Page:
But a breakdown of money raised and spent by Palin suggests she is putting in place the political framework for a bid. She spent almost twice as much as in any previous quarter, much of it on speechwriters, private jets for public appearances, and hiring consultants to advise her on domestic and foreign policy, which were embarrassing weaknesses during her vice-presidential run in 2008.

She is also taking on more staff, including for the first time someone to keep control of her schedule. Until now, her organisation has tended to be chaotic.

Friday, July 16, 2010

Minor quake in DC doesn't shake up Obama

WASHINGTON -- A minor earthquake in the nation's capital didn't shake the president. After talking to reporters on the Gulf oil spill, President Barack Obama was asked whether he felt the 3.6-magnitude quake that hit near Washington early Friday morning.

A smiling Obama said he didn't feel it. According to the U.S. Geological Survey, it was the strongest quake to hit within 30 miles of D.C. since the agency began keeping records in 1974. No injuries were reported. Many in the area slept through it while others were jolted awake.

On the federal agency's website, by midmorning more than 11,000 people had reported feeling the quake, some from as far away as Pennsylvania and West Virginia. But at 1600 Pennsylvania Avenue, at least one person wasn't rattled.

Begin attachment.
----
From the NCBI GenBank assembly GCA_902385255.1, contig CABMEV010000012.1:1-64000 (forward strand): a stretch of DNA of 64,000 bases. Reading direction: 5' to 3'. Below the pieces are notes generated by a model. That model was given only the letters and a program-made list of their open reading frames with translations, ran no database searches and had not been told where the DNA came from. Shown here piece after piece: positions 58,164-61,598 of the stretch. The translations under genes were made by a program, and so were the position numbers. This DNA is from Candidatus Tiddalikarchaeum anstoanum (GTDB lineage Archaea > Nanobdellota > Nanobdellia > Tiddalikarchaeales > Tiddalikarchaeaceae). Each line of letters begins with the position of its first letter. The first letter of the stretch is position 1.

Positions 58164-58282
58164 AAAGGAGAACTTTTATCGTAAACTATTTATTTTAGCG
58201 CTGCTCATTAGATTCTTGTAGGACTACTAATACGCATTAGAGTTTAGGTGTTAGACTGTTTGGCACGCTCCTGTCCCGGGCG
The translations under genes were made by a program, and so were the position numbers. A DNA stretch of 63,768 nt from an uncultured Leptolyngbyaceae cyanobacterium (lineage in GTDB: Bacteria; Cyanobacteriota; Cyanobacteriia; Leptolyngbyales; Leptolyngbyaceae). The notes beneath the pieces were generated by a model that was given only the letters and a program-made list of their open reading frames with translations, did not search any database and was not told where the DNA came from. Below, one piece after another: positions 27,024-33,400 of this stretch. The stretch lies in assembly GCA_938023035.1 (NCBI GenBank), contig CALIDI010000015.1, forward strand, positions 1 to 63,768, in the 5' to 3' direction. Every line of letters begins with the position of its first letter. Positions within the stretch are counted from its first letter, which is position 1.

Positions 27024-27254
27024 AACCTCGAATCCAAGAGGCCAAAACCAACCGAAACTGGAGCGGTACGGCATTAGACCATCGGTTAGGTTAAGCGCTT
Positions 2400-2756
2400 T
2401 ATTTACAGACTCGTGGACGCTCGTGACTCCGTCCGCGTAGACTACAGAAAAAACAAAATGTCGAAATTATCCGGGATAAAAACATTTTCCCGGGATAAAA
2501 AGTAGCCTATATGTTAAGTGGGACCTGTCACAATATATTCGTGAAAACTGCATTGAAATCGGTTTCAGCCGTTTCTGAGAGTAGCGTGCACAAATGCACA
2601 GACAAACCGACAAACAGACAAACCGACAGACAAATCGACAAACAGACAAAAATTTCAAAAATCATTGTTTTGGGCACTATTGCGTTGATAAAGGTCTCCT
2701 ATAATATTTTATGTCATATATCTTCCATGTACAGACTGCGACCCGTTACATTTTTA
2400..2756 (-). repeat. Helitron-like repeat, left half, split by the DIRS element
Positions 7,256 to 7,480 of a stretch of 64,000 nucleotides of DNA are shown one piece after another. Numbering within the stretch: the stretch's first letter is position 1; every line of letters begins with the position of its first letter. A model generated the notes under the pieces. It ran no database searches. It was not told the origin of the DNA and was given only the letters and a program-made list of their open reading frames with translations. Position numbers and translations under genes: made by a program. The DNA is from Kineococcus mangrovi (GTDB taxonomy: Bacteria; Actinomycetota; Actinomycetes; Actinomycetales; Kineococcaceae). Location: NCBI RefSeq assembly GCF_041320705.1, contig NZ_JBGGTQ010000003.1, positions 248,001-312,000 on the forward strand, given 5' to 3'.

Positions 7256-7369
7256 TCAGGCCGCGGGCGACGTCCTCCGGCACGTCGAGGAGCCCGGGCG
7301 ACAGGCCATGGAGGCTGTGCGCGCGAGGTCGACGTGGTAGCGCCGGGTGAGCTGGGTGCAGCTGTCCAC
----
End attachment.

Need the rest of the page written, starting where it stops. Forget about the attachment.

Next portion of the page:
Thursday, July 15, 2010

Barack Obama's crackdown bill on Wall Street wins Senate backing

Barack Obama has received a much-needed boost after the US Senate backed the biggest reform of Wall Street since the Great Depression.

The bill allows Obama to claim another major piece of legislation to put alongside the economic stimulus bill passed last year, which stands comparison with Roosevelt's New Deal, and the healthcare bill earlier this year, which achieved a goal that had eluded previous presidents.

It helps him counter accusations that his presidency is in danger of becoming an empty one, comparable to that of Jimmy Carter, who had little to show for his four years in office.

The bill, which could be on Obama's desk for signing on Friday or early next week, is intended to deal with many of the issues that led to recession in the US: dodgy mortgages, easy credit cards, and limited regulation of banking and Wall Street.

It posed a dilemma for the Republicans, caught between their traditional close ties with the financial industry and public anger against Wall Street, but in the end most voted against it. Lobbying groups on behalf of the financial industry mounted one of the most expensive campaigns in US election history against the bill.

Although some Democrats complain the bill does not go nearly far enough in regulating Wall Street, the Obama administration hopes it will help address some of the widespread public anger at bankers and financiers.